Brown was celebrated as well as scrutinized. Throughout the social scientific community, the decision was greeted with an outpouring of jubilation. In 1954 Senator McCarthy was censured by the Senate and the temperature of domestic anticommunism was finally starting to drop. Most experts probably thought the camouflage that racist reactionaries had found in anti-Communist rhetoric was transparent, and no real threat to their status. Apparently unconcerned, many psychologists continued to work with the NAACP, and other civil rights organizations, putting themselves at the service of legal and political strategies designed to thwart resistance to Brown throughout the South. As had been the case during World War II, doing the right thing and advancing the causes of science and professionalization were so tightly enmeshed as to be inseparable. Experts associated with the Brown statement exulted in the view that the 1954 decision had been "a landmark in the development and practical significance of the social sciences."
Subsequent developments would cause some of them to rethink this view. White resistance to Brown, which materialized immediately and sometimes took shocking and violent forms, made it plain that predictions (such as Allport's, quoted above) of orderly compliance with the "American Creed" had been overstated, to put it mildly. Desegregation
efforts during the fifteen years following Brown offered no convincing data that the tide of psychological damage had been stemmed, either among whites or blacks. If anything, self-esteem became an increasingly public issue as time passed. After the civil rights movement's turn toward nationalism in the mid-1960s, black activists expressed great hostility toward arguments about the psychological damage wrought by segregation. Instead of repeating old maxims about the disorganizing effects of slavery, they dusted off histories of slave resistance, emphasized the cohesiveness of black families, and celebrated the resilience of black culture over time. Infused with pride, many black Americans were no longer willing to serve as exemplars of psychological debility and, as often as not, turned the tables completely. White Americans were now accused of being "sick" or "pathological."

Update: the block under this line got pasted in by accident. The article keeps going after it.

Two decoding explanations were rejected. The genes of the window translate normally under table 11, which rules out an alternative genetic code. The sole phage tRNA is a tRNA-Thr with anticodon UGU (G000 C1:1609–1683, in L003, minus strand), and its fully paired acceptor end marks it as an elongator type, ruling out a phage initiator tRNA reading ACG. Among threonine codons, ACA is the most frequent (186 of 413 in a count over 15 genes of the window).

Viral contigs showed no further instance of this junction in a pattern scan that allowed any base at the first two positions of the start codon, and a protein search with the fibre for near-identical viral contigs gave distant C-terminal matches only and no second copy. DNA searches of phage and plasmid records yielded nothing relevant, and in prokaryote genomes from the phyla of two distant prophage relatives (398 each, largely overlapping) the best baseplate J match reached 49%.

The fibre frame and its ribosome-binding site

It was after this sea change in the movement that "The Effects of Segregation and the Consequences of Desegregation" came under fire for being a premature, naive, and unrealistic contribution to public policy. The self-esteem of southern black children was, it turned out in subsequent studies, higher than their northern counterparts. This finding, which prompted a cautious reassessment of segregation among advocates of integration, was not lost on advocates of black separatism like Malcolm X. In defense, Stuart Cook, one of the authors of the original statement, reasserted his belief that "we must neither underestimate the potential value of social science knowledge to significant societal decisions nor overlook our obligation to make that knowledge available when and where it is needed." This did not really answer the question, however, of how an allegedly scientific consensus had failed rather miserably to predict the course of desegregation and stand the test of close examination. If psychological recommendations for repairing personality damage had turned out not to be scientifically valid after all, what claims could psychological experts possibly make to influence future public policy?